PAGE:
If you want to become a freelancer and write your own ticket in life, there are lots of things to consider. Freelancing is about as close to the American dream as it gets; as long as the dream includes making lots of money and having to answer to no one. Unfortunately that isn’t how it always works. Many times we look at freelancers and the businesses they start and only see the end results-the successful enterprises they worked so very hard to establish. And make no mistake, there is a lot of hard work that goes into any successful business.
Many times your hours will be long, the work will be lonely and the money won’t be that great. Are you willing to give up your steady paycheck for this? Search yourself and your motives and answer this question as honestly as you can. Along the freelance road, expect a bumpy ride, but also know that if you hang on and refuse to give up, you’ll one day get to live your dream of the freelancing life.
Imagine yourself working out of your own home office at your beach house or in your mountain cabin. Allow yourself to dream and remember always to think positive; both of these will go a long way in keeping you focused. Millions of entrepreneurs before you have started small and made it bib; you can too!
1. Recognize the Disadvantages
Being able to work out of your home and actually make a living at it is a great opportunity. But before you go jumping into this great opportunity, there are some things you should know. When you set up you’re an office in your home, it’s a challenge not to let family life interfere. As a work at home person, you’ll have to deal with family members who may not respect your hours or your situation. Well-meaning friends may drop in, disturbing your routine, neighborhood noises like barking dogs, delivery people and trash trucks can be noisier than you ever thought possible. And of course, your kids; you love them, but they will have to be taught to respect and live with your new work schedule. These are just a few of the hurdles you’ll have to clear when you set out to work at home.
2. Decide What Kind of Business is Right for You
When I started my work at home career, the first question I asked myself was what did I really want to do? What did I feel I was good at, what did I know I was good at, what were my strong points, when I pictured myself working from home, what did I see myself doing? I knew I was a writer at heart, and I knew that’s what I’d been dreaming of doing for years. So for me, the answer was easy, but if you aren’t sure what you would like to work at, then start by asking yourself what kind of things you’re interested in. Make a list of things and then narrow it down to your top three; now which of the three you can actually see yourself doing. That is the one you’re most likely to succeed at.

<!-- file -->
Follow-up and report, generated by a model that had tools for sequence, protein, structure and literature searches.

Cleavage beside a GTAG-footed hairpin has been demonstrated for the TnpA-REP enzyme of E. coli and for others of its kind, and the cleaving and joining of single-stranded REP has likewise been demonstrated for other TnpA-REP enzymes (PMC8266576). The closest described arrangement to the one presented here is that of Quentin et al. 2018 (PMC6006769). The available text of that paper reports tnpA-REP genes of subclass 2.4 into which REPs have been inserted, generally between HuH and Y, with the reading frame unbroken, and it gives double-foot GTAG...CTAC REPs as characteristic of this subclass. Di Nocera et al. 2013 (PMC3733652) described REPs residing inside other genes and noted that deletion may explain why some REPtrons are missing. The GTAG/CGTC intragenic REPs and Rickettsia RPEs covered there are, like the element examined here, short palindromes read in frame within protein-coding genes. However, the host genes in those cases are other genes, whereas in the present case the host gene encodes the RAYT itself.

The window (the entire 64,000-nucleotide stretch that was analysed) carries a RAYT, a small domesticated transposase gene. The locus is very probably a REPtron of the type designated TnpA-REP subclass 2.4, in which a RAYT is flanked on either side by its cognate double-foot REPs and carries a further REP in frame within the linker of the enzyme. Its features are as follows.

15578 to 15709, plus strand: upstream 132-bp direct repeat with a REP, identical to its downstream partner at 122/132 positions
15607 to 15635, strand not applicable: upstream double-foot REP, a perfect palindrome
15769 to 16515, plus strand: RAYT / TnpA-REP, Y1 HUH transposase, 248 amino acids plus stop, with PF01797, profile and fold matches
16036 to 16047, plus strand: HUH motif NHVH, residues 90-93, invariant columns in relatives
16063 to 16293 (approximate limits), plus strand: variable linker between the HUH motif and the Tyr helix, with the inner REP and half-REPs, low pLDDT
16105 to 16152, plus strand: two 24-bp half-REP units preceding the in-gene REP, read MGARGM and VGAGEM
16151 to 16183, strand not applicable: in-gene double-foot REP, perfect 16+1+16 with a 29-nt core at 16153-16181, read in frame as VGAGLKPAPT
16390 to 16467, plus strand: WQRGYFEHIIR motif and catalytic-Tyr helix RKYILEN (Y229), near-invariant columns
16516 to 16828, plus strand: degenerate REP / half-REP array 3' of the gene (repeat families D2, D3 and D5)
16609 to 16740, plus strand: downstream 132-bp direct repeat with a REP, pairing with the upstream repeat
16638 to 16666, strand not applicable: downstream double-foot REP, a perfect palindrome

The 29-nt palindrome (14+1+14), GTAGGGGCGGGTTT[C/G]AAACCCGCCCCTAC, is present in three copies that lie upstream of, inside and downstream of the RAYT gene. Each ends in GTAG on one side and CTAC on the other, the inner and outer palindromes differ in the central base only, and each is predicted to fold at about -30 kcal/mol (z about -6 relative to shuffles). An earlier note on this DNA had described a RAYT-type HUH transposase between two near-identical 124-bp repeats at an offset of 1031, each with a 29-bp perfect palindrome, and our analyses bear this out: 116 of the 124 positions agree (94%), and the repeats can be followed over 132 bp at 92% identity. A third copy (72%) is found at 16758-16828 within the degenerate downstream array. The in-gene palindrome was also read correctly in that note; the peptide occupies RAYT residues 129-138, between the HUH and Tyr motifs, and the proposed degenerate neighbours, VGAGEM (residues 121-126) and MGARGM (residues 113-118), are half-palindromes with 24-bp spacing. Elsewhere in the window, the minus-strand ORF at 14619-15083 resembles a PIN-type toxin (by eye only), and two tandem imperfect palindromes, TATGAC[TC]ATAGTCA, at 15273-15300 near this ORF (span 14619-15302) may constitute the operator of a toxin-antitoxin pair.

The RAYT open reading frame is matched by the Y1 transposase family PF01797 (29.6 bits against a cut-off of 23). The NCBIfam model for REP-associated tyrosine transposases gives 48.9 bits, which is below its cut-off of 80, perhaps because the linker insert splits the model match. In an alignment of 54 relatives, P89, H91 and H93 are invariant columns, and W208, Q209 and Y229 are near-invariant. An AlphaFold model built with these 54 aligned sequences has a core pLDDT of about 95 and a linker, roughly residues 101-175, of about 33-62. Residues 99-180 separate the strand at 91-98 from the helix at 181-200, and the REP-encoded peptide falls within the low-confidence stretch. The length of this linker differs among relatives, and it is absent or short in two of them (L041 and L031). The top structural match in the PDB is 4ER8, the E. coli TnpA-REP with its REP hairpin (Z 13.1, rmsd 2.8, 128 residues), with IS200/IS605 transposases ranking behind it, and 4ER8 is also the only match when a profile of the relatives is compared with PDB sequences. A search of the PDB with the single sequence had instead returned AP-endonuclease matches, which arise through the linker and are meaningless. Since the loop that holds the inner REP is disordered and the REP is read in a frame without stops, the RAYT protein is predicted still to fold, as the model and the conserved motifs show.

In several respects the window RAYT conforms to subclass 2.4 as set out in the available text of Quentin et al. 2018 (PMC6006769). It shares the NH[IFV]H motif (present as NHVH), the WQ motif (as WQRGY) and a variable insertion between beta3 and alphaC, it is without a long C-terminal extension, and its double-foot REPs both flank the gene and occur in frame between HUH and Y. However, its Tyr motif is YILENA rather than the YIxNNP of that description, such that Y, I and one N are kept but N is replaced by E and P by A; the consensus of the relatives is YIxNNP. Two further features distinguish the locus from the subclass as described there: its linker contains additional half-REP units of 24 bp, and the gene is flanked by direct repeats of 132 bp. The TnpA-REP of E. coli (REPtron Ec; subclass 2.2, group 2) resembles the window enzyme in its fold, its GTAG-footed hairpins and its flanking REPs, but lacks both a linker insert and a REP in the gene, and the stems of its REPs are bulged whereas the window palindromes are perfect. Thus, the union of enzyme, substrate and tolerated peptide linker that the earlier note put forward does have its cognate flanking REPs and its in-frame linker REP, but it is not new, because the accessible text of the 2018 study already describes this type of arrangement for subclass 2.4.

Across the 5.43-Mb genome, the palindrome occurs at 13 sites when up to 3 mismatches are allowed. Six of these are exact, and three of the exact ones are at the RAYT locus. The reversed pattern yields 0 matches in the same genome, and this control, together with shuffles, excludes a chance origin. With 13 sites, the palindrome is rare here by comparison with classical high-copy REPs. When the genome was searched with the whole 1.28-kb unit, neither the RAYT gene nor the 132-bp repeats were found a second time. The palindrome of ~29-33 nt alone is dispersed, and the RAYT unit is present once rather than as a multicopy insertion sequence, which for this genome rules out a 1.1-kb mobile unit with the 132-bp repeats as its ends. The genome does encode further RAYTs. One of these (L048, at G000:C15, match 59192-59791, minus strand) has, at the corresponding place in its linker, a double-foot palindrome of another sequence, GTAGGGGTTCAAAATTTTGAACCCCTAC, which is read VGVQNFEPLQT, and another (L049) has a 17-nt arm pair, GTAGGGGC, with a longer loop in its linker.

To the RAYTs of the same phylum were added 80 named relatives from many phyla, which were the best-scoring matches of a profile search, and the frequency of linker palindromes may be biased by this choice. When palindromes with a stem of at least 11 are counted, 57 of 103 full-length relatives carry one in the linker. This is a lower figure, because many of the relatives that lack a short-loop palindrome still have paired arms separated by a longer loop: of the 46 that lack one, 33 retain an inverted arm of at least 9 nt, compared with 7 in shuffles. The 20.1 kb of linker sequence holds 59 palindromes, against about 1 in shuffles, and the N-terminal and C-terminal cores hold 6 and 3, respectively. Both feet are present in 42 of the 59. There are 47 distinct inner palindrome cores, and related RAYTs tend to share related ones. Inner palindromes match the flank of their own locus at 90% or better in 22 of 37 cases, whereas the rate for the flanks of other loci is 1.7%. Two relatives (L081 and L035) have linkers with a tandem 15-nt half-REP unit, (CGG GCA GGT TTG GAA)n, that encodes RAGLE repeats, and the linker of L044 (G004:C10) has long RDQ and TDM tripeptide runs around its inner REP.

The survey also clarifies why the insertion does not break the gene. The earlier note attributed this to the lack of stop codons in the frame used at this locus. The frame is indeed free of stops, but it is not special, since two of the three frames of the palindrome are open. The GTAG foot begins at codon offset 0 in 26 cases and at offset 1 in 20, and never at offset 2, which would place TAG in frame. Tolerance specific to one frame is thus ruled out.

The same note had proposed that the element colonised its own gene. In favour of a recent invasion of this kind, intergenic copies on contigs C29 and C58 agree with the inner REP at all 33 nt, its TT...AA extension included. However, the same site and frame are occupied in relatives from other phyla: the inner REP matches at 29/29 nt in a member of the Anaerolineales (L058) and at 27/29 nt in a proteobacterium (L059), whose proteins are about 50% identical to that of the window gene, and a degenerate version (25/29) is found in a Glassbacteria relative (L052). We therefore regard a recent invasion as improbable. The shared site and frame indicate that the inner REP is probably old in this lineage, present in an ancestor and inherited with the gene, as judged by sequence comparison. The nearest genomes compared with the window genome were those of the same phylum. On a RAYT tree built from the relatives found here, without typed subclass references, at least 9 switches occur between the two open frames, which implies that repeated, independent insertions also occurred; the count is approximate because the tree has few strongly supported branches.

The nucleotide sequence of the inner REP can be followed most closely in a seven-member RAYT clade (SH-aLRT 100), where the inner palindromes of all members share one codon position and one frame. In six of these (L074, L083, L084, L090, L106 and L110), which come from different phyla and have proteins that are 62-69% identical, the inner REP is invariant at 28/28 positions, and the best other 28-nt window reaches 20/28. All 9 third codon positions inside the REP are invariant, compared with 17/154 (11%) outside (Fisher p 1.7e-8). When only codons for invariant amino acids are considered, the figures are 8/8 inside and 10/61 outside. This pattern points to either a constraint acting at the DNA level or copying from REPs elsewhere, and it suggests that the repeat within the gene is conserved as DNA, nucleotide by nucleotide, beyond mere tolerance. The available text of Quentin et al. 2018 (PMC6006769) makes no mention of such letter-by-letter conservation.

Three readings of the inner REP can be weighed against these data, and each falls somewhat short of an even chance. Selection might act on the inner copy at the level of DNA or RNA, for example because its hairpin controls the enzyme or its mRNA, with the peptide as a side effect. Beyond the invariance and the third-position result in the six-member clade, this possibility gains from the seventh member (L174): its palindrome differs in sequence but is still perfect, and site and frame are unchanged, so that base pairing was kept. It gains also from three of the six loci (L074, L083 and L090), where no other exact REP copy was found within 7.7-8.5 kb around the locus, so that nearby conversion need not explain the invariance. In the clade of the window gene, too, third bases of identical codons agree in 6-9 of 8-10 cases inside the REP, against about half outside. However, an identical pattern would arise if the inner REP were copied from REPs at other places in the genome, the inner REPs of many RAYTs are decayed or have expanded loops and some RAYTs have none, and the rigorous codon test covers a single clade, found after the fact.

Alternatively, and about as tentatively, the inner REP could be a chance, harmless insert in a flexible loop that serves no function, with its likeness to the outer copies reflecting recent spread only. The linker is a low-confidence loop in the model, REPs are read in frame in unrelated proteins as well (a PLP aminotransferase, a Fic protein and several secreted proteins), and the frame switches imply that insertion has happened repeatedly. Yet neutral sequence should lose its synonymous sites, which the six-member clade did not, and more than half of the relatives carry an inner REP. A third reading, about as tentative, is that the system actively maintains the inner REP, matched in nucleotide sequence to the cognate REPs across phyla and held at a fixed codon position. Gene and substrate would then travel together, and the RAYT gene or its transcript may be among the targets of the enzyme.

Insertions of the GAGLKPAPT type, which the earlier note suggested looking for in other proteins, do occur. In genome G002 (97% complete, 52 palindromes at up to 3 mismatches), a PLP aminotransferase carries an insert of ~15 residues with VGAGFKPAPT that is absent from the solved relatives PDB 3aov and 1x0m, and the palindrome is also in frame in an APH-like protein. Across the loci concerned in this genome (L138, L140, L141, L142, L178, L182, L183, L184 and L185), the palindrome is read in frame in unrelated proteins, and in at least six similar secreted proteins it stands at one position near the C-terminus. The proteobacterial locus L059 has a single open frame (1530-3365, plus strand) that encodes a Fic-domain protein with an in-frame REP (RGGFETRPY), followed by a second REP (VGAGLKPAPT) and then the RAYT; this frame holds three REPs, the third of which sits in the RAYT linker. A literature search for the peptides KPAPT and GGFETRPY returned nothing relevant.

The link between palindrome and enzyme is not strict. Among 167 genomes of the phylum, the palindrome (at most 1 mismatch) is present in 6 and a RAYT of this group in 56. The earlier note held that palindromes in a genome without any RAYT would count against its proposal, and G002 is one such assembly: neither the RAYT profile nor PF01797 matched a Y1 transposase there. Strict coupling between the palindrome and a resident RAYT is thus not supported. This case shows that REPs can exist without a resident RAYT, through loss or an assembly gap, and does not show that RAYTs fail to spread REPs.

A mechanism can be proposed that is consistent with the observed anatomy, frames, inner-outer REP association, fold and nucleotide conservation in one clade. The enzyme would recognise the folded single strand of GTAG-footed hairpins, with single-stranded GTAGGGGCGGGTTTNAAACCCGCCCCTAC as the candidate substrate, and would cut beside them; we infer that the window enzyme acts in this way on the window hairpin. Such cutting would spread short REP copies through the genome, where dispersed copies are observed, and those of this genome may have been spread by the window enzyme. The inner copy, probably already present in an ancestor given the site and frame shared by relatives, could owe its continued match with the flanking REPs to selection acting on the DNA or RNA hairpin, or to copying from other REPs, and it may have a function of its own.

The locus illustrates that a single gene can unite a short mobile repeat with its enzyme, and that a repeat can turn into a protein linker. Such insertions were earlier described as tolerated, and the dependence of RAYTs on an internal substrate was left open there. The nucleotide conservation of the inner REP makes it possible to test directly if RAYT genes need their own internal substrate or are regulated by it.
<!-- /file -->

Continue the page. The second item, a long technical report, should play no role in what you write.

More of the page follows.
3. Try Working in a Related Field
As another tactic to help you find out where your talents lie, take a job or volunteer in a field you think you’d like to work in. For example catering, real estate, interior design; working in the field you find interesting is a great way to get to know that career. You’ll find out things you didn’t know, some good, and some bad. If it turns out that you like what you’re doing, you could make contacts for your future business. Your boss may even recommend you to his or her clients; overall, working in your field ii a great business move and a great way to prepare yourself for success in your future venture.
4. Ask Yourself Where You’ll Work
Will you be going to customer’s homes or will they be coming to you? For instance with an interior design business, you’ll be going to customers’ homes, but with a tax service, people will come to you. With still other businesses, you could be involved in a mix of both, sometimes going to your customers homes and sometimes meeting them in your home or at a neutral place. With certain businesses, you’ll need to be sure you have adequate parking for customers, and with most home businesses you’ll need to make sure you have a separate place in your home so you can work undisturbed.